Massage & Bodywork

MAY | JUNE 2020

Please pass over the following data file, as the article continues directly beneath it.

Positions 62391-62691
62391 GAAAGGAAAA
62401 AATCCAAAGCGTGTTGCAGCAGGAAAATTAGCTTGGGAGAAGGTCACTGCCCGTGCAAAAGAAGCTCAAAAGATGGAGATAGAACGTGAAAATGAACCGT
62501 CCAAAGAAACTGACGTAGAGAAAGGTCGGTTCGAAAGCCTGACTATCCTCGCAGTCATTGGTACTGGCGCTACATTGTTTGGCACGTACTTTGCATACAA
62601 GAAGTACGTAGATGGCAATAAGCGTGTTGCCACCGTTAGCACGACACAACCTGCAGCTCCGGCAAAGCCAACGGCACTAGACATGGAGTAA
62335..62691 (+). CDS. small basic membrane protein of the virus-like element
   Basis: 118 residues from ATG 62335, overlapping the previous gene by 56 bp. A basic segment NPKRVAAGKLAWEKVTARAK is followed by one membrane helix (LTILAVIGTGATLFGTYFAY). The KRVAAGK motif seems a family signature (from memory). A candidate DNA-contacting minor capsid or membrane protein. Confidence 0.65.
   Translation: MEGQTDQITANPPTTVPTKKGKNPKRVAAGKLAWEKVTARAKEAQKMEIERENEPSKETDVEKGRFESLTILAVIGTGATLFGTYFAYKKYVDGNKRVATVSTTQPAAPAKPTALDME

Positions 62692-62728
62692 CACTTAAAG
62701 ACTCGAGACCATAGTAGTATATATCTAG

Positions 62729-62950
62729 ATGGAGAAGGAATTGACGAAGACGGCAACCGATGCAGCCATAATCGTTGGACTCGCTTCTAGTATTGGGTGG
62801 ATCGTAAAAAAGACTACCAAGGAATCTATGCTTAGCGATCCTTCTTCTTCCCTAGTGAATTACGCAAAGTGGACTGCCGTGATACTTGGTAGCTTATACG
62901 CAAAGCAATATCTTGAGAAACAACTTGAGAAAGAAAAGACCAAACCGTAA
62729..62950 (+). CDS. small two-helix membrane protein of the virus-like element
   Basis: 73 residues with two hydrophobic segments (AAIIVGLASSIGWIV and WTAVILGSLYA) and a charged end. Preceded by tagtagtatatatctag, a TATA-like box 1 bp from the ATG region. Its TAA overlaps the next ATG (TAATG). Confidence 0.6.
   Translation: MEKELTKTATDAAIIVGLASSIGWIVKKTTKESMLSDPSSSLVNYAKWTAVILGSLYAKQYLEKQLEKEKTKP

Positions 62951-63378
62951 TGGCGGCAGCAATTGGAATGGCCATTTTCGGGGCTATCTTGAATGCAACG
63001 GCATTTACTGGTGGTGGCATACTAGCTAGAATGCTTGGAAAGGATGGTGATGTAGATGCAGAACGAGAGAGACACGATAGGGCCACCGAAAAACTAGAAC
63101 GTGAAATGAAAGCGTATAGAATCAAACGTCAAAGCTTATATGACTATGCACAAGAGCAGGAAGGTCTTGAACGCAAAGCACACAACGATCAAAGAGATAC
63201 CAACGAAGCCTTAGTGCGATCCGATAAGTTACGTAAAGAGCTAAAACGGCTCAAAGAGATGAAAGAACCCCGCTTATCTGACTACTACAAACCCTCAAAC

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14 m a s s a g e & b o d y w o r k m a y / j u n e 2 0 2 0 BLUEPRINT FOR SUCCESS best practices You could make $100,000 providing massage, but if you have to spend a huge portion of that income on rent in a fancy neighborhood, utilities, a slick website or marketing specialists, linen service, advertising, dues to networking groups, and all sorts of other expenses, you'll only take home a small portion of that income. A gross income of $100,000 is not so glamorous if you spent $50,000 to make it and only take home $39,000 after taxes. Gross income only matters in relation to the amount of it you take home. The number that really matters is the owner's draw—the wage you pay yourself. Managing Cash Flow By Allissa Haines and Michael Reynolds We work as massage therapists because we love it, but at the same time we want to make money because we like to eat and put gas in the car and keep the lights on. Since many of us have questions about the actual take- home money part of business finances, let's get real about paying ourselves in a massage business—starting with cash flow management. Cash flow management sounds kind of tedious—maybe even a little complicated and scary—but what is it really? Cash flow management is a flexible system for making decisions about your money. It is not a set of rules or even a strict budget. Good cash flow management begins with thinking about your priorities and what you want your money to do before it comes in. Then, you can adjust the plan as you go so it continues to serve you and your business well. To fully embrace good cash flow management, we first need to slay a big money myth: gross income matters. MYTH: GROSS INCOME MATTERS I'm sure you've seen plenty of resources that promise to teach you how to make $100,000 per year—or more—as a massage therapist. These resources come wrapped in claims of freedom from financial stress, plenty of vacation time, and encouragement to "let your business work for you, not you for your business!" While many of these resources have great business- building ideas, the advertising is pretty scammy because that $100,000 is referring to gross income. And gross income is a terrible metric to count on because gross income is the total amount of money you receive providing your service before expenses.

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